This is an absorbing 42-minute documentary on the Little Belize Mennonite colony. Little Belize is the home of approximately 3,000 Old Colony Mennonites, living on about 100 square kilometers of land. The Old Colony Mennonites are Plain Anabaptist cousins of the Amish, with numerous similarities to them.

The producers of the documentary, made for the Deutsche Welle network, were granted permission to film some families in the colony. The people we encounter come across as very human and likeable. A number of them speak English in addition to Plattdeutsch (English is the official language of Belize).

There is Abram, a blacksmith with 20 children, Margareth, whom we meet on a visit to a fabric shop, outcast Wilhelm, the self-taught medical practitioner, Franz, a mechanic who is beginning to “crowd the fence” with his purchase of a smartphone, and a second Abram, an ebullient traditionalist who takes his family to a new community in the Amazon jungle in Peru.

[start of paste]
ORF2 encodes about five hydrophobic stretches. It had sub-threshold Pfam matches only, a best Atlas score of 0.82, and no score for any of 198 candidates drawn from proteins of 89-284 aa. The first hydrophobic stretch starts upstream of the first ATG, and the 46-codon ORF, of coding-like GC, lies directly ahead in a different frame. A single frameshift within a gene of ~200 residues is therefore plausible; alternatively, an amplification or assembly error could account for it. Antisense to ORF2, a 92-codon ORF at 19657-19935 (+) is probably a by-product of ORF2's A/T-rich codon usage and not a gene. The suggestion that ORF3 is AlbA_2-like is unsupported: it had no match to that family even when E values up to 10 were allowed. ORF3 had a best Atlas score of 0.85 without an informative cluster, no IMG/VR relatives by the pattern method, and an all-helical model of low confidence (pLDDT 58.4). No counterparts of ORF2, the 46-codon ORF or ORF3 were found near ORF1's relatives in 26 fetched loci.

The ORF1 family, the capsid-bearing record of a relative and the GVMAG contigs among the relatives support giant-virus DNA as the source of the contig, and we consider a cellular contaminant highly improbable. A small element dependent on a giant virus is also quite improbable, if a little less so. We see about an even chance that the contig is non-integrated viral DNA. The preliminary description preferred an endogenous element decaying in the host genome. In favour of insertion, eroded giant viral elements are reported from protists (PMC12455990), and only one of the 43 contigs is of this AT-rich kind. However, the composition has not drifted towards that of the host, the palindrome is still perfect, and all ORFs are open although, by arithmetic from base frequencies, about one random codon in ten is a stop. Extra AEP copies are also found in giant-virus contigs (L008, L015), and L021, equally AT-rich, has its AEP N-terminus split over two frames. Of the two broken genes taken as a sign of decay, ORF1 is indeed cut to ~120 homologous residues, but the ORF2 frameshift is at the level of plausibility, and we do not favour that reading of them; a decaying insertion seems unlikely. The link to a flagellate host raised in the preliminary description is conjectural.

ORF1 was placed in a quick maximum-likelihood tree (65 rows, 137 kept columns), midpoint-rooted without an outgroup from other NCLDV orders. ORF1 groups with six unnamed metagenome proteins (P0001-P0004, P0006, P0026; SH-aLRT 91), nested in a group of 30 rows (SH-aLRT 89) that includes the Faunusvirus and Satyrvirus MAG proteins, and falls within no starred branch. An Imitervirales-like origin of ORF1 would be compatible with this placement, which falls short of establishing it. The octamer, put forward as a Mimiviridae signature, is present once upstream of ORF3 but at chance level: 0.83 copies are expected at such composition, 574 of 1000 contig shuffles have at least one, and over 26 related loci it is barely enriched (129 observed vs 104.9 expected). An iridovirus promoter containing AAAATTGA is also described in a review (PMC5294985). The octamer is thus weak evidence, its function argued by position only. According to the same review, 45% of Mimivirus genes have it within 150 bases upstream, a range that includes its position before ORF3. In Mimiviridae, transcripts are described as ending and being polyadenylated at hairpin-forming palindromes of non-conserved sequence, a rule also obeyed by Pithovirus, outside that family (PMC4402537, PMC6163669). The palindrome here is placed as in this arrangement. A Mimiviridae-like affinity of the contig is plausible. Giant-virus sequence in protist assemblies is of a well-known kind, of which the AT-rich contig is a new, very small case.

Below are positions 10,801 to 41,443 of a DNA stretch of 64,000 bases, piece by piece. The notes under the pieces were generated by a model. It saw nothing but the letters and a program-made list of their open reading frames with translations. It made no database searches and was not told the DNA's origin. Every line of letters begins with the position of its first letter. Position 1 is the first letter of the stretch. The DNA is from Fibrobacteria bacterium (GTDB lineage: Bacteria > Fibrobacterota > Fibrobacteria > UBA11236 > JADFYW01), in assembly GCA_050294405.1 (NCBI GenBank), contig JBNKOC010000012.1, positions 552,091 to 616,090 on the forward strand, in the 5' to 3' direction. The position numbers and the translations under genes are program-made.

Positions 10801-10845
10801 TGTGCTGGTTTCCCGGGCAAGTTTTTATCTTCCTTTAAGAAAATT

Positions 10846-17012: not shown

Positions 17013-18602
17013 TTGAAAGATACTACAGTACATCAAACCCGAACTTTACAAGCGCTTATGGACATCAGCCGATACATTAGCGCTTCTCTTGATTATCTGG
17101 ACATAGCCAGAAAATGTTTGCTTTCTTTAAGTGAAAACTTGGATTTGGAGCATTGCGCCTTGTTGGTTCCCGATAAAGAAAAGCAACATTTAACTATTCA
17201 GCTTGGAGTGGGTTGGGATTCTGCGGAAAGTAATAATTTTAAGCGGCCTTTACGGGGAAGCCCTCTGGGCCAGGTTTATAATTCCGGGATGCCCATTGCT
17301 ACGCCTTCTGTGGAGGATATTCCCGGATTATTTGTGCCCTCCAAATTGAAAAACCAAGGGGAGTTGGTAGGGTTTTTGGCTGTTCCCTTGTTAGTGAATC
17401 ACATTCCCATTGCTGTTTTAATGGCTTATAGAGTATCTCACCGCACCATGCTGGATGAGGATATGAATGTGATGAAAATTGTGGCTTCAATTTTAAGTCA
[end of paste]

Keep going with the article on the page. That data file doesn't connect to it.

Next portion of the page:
You’ll notice numerous similarities to the Amish, in things like their mode of transportation, clothing, and even auction tradition. The buggies sit lower to the ground on a different style of wheels. The German dialect is different, and the clothing patterns and headwear are as well.

We also see inside an Old Colony school in the film’s opening scene, which brings to mind the Amish-driven education outreach project operating for many years now in a number of colonies. The film actually begins in the Belize colony, but then a large chunk of it is about Abram’s move to Peru, which is fascinating in itself.

The images captured are impressive and beautiful, albeit having a staged feel in a few places. That said, this is a very well-done and worthwhile look into a community of devout and traditional people.

Hat tip to Steve Myers for bringing this film to my attention.

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